After cycling off of Council I swore I wouldn’t work at another ALA conference unless someone paid my way. So, I’m presenting on a panel with Louise Alcorn on Saturday and MaintainIT is footing the bill. I’m getting day passes for Saturday and Sunday (blogging a panel then) and not registering for the conference which I can get away with because I’m not technically a librarian and not an ALA member anymore. I anticipate trouble.
Anyhow, here is my schedule. Please say hi if you see me. I’ll have my cell phone on me, ping me if you’d like the number, or it’s on facebook.
- arrive LA, dinner/stay with high school pal
- get to Anaheim somehow [anyone want to give me a ride? late morning?]
- Mover & Shaker lunch maybe (unlikely actually)
- dinner with Macee from MeFi
- my panel, 10:30-12
- MetaFilter meetup
- late night facebook meetup maybe
- ALA Privacy Panel 1-3 Room 201D (I’m blogging, not participating)
- OCLC Blogger thing @ Hilton, Palisades room
- get to LAX (share a shuttle, anyone?) fly home at noon
I’m staying with Louise Alcorn at the Disneyland Hotel, lord help us. Anyone else staying there?
Tweens' tamer style (takes a cue from the wholesome on-screen look of Miley Cyrus and the"HSM" cast. Plus EW asks whether the JoBros need to grow, i.e. rethink their upcoming Disney show, to keep their fanbase interested) (Los Angeles Times, reg.... Read the rest of this post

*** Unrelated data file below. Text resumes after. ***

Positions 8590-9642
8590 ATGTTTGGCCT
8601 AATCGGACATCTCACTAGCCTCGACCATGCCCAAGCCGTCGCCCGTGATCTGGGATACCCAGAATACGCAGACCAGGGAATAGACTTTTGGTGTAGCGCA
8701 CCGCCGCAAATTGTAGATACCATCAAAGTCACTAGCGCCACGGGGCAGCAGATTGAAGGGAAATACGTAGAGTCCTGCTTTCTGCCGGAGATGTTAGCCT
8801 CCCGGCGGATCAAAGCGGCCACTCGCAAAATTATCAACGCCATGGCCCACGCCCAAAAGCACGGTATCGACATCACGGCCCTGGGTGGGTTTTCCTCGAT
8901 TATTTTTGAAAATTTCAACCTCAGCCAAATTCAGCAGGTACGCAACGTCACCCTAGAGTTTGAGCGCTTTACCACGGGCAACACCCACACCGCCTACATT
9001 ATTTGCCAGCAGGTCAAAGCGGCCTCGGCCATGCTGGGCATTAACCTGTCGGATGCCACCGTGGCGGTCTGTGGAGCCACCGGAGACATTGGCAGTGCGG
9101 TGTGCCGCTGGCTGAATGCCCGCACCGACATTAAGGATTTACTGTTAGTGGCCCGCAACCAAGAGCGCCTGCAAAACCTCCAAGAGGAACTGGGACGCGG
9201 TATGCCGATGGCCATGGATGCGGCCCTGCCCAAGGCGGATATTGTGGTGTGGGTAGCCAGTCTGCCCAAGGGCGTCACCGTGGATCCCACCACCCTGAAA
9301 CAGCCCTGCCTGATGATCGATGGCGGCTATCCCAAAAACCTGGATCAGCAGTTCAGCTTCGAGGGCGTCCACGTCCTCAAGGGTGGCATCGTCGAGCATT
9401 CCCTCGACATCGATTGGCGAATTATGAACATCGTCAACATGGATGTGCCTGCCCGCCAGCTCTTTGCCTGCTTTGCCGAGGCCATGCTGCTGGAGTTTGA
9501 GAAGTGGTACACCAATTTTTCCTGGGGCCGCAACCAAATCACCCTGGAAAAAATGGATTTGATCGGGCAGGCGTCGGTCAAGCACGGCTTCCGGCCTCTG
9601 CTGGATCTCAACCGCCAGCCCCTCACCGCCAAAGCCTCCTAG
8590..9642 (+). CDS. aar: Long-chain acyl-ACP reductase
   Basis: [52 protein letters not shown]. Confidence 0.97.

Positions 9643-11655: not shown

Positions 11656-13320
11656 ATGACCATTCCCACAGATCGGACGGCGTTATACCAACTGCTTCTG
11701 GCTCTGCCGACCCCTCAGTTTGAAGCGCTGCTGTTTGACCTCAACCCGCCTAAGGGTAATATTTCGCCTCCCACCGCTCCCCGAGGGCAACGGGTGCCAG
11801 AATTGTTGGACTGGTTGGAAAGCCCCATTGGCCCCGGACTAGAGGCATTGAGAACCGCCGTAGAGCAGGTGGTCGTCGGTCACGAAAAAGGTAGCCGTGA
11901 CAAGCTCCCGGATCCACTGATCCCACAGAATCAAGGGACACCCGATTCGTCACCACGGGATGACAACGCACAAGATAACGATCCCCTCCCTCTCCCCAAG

WeeWorld pays tribute to MJ and Farrah (offering virtual goods like Farrah's signature do and a placard that reads "I Heart MJ") (Virtual World News)
- 50 hours of SpongeBob (will air July 17-19 on Nickelodeon and VH1 to honor the cartoon's 10th... Read the rest of this post
Just trying to keep the momentum going with the drawing. I really wasn't able to do any drawing at Disneyland like I thought I might. But, I never really had the chance (even waiting with the baby for others to get off of rides). So, I took a bunch of pictures of interesting shapes and architecture to have fun with at a later date.
I did get a couple marks on a page once before being interrupted, so I just came home and doodled with them. Here's the result...fun stuff.